I’ve loved so many historical fiction books! I adored Dorothy Dunnett’s series about Francis Crawford of Lymond, set in Tudor times. The first book, Game of Kings was probably my favourite. It’s special because of Dorothy Dunnett’s brilliance not only in characterisation but in weaving such intricate and convoluted plots. Her complex writing style, together with the Scottish dialect, do make the first book difficult to get into, but it isn’t long before Lymond’s character has most readers hooked.
– Tell us a bit about your writing process.
As all writers, particularly writers of historical fiction, my writing process starts with lots of research. I need to have as much information as possible on characters, dates and events that will feature in the books. It breaks the flow of writing to keep breaking off to look things up once the novel is underway. There may well be small details to check up on, but I like the bulk of the research to be happily recorded before I start.
A plan, or outline, of the book is a must, but often I need little more than to know how the general storyline will play out, but with me, the details emerge as I write, particularly the interactions between the characters, or the depth of emotion they show.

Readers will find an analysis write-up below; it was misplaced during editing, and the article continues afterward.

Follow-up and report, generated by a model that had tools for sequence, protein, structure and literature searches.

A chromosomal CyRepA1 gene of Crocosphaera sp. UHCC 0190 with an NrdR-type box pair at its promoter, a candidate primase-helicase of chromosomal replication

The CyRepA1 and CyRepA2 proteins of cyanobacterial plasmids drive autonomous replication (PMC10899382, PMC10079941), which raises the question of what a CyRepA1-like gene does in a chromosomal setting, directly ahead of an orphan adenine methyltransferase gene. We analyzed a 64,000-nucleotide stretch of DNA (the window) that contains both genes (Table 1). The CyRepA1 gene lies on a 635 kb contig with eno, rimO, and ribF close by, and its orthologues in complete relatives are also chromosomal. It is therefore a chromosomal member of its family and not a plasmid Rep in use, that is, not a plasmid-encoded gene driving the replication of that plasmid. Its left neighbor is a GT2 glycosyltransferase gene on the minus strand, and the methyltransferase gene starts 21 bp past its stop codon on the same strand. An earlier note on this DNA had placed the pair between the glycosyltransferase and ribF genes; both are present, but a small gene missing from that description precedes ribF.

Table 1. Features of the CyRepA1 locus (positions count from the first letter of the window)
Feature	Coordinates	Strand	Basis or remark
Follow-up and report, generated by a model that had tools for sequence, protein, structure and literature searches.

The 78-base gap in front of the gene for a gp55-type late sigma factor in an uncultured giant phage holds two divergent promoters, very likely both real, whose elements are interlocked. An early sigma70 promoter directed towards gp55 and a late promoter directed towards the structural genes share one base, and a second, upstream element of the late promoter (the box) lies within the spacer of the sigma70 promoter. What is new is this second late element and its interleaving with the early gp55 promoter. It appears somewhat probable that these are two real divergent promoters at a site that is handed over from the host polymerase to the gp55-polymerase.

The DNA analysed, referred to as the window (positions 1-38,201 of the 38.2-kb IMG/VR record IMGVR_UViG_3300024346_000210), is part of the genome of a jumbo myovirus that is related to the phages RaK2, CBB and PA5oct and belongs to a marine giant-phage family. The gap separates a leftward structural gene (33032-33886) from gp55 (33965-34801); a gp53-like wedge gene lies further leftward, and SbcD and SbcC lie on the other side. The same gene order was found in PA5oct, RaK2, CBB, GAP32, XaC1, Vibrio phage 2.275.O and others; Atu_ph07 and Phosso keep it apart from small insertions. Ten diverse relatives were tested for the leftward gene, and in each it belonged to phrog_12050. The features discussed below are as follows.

Each time I turn on my laptop to continue a story, I generally read through the last section I wrote to put me in the frame of mind to continue. Once the first draft is finished, I delve into editing with a vengeance. And funnily enough, I usually enjoy it.
– What author would you love to have dinner with?
There are several authors whose brains I’d love to pick whilst sharing a nice meal. Bernard Cornwell is one, but I’d have to be sure I’d read his Saxon Chronicles first! I decided not to do so until I’d finished my own Viking trilogy, which is also about King Alfred. I really love Val McDermid’s books, too, which are crime novels (not historical). She’s a very interesting person, from what I’ve seen of her on TV interviews, with a great sense of humour and I’d love to have a chat with her about her characters and writing in general.
– Tell us about your hobbies and passions other than writing
I love travelling and aim to see as many places in the world as possible over the coming years. I also love visiting lovely places and sites of interest in the UK, so I do have a lot of ‘short breaks’. This is something my husband and I determined to do once I’d eventually retired. I also love to bake cakes, pies, scones – whatever! The habit of baking for six children for years is hard to break. I’m also a very good knitter, but just don’t get time for that while I’m writing. And lastly, I couldn’t go for a single day without reading. Unfortunately, my only reading time nowadays tends to be before I nod off at night.
– We have many followers who would like to start writing a book or are already writing their first novel, any advice for these brave people?